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Can A Journalism Focus On Victims Help Reduce Gun Violence?



Newsroom veteran Jim MacMillan estimates that he reported on 2,000 shootings in 17 years as a photojournalist at the Philadelphia Daily News. At the time, he believed this reporting functioned as a public service, helping the awareness of gun violence and potential prevention of it. Still, “Sometimes it felt toxic and I wondered if it was harmful,” MacMillan said.



The center focuses on helping people with lived experiences, by exploring the hypothesis that more ethical, impactful, and empathetic gun violence reporting can help prevent shootings and save lives.


A study by Jessica Beard, a trauma surgeon at Temple University Hospital, suggests that episodic news coverage of shootings can retraumatize survivors and their communities and possibly lead to more violence instead of less, reports Billy Penn. Beard will appear in a virtual convening next Tuesday to discuss this research and the role of the media .


The center identifies harmful reporting practices by engaging with the Philadelphia community, asking what best practices in gun violence journalism are, and looking at how they can be implemented.


It's work includes a professional development program to support reporters with best practices, an interdisciplinary research collaborative exploring the intersection of gun violence, impacted communities, and the media, and a Credible Messenger Reporting Project that trains, compensates, and empowers people affected by gun violence in Philadelphia to produce and distribute reports on the community perspective.


The center has 16 media partners, three community partners, nine funders, and 10 partner institutions.


As a trauma surgeon, Beard encountered a shocking number of gun violence victims. She found herself wanting to advocate for her patients — wanting to help them avoid the hospital, instead of just after they arrived.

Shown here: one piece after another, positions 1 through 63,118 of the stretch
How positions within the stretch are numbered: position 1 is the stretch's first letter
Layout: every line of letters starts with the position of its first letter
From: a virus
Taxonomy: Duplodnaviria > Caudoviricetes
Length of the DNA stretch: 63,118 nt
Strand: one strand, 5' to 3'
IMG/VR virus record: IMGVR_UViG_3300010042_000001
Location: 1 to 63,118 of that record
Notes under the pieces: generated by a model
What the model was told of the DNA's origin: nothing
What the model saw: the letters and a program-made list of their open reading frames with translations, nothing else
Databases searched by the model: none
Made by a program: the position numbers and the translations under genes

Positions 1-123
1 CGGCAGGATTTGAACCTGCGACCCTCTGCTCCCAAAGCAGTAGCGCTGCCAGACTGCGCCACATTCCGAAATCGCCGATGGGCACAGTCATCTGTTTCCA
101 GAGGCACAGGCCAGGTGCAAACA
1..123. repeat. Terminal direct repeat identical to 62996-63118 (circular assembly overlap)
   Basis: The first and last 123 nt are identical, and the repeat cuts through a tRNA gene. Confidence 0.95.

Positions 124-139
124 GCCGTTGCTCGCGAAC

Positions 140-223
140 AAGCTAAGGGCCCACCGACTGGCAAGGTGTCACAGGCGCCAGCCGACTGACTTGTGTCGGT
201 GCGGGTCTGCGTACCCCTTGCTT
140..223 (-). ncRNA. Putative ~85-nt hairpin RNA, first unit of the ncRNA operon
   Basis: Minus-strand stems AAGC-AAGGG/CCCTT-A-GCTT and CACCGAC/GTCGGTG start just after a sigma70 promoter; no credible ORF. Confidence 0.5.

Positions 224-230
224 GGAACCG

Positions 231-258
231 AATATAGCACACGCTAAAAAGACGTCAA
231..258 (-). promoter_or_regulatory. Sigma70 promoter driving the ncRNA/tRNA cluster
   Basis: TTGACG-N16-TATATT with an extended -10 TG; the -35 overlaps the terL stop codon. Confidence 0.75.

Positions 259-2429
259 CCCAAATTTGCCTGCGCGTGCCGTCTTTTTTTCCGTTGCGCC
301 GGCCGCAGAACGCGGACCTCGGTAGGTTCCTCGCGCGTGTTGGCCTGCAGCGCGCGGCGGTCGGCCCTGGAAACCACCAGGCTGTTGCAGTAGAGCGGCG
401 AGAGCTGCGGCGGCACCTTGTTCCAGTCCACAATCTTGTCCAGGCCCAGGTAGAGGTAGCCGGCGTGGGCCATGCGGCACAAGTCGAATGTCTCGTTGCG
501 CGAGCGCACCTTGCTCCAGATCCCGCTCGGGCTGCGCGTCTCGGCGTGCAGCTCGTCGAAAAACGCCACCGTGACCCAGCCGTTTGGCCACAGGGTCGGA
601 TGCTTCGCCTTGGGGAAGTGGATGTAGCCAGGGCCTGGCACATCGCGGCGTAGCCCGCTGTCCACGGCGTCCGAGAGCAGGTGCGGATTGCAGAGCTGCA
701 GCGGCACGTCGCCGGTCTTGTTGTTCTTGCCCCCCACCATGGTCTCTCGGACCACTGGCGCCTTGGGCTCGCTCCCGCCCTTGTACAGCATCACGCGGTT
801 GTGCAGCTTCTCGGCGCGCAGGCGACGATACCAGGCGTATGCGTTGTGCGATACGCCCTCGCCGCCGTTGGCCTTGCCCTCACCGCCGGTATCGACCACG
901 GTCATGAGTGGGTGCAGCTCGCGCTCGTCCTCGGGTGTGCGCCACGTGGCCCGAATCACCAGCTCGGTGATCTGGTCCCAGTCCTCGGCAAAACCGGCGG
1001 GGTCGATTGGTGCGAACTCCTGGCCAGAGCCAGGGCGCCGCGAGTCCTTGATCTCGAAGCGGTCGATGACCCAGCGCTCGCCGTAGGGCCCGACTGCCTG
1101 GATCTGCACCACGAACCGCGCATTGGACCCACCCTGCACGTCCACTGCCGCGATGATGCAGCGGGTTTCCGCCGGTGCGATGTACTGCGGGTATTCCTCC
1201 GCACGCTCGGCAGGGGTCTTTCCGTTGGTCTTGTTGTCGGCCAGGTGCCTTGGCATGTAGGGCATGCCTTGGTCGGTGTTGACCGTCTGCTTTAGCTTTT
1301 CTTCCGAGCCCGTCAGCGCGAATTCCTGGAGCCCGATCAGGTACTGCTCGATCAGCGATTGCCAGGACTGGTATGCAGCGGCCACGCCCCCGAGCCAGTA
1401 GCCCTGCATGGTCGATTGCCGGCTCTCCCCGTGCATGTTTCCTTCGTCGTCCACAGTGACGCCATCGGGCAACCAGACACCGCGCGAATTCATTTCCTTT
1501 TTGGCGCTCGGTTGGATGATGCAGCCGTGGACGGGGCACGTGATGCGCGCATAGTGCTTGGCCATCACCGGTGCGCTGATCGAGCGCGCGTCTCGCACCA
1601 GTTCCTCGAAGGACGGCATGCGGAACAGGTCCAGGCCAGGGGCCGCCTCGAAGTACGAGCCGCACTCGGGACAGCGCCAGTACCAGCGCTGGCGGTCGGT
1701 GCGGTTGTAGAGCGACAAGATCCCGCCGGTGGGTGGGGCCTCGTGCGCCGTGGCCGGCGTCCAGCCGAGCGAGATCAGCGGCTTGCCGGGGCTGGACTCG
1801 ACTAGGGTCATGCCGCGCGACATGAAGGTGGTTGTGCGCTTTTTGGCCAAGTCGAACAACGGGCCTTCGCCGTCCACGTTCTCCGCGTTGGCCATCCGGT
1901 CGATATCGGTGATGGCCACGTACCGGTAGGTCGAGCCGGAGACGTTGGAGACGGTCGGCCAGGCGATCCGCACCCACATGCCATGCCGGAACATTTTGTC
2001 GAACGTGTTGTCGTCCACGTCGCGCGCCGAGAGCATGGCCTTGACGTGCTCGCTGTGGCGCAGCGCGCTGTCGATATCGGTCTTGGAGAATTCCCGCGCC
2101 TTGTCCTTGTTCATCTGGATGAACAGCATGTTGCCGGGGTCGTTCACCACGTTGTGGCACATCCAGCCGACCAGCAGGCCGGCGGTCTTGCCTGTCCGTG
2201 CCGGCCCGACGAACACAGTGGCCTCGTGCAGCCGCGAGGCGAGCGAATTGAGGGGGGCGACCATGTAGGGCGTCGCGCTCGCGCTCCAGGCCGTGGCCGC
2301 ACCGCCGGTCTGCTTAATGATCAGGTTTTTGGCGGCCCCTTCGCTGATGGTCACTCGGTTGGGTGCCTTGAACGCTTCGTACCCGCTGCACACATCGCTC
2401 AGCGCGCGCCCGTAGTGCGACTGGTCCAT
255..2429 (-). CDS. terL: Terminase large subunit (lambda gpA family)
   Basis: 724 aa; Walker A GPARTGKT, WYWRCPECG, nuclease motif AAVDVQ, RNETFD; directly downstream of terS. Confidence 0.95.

“I see working to develop and support the most ethical, empathetic, and impactful reporting on gun violence as a public health intervention,” she said.


Speakers at a center workshop proposed mandatory trauma-informed training for journalists to improve interviews with gun violence survivors.


The Credible Messenger Reporting Project works like this: With financial support from the center, community members with lived experience with gun violence are paired with professional journalists, so they can learn from each other and leverage their combined authority to produce and distribute news reports. These reports have been everything from longer-form documentaries, articles, or video interviews.


Oronde McClain, a survivor of gun violence and project participant who published his own piece in May, is working with PCGVR as the credible messenger newsroom liaison. He works with journalists and news organizations in Philadelphia to help inform and develop relationships with the center, introduce the work of the center, and identify possible collaborations.


“I feel like me talking to the newsrooms has a big impact because they’re not talking to a regular person — they’re talking to a survivor that’s been through 20+ years of struggle,” McClain said. “Nothing I know is research, this is real life.”


McClain believes newsrooms are starting to listen and recognize that their reporting practices can be triggering for victims, provoke fear in communities, and perpetuate stereotypes about victims and survivors.


Intern Shannon Hodges, a high school student, believes more organizations should focus on victims.


With 10 Credible Messenger pieces released and more to come, MacMillan and team show no sign of slowing down. People in other cities have expressed interest in replicating the Credible Messenger Project, giving power back to gun violence victims so they can tell their own stories, informed by their lived experiences.


This is a productive shift from how gun violence is typically covered, Beard says.


“Most violence reporting is focused on a specific event, episodic reporting, and most if it is framed from the lens of law enforcement, a crime lens,” the trauma surgeon said. “But nobody has ever talked to people who’ve actually been shot about what the potential harms of this reporting style may be.”

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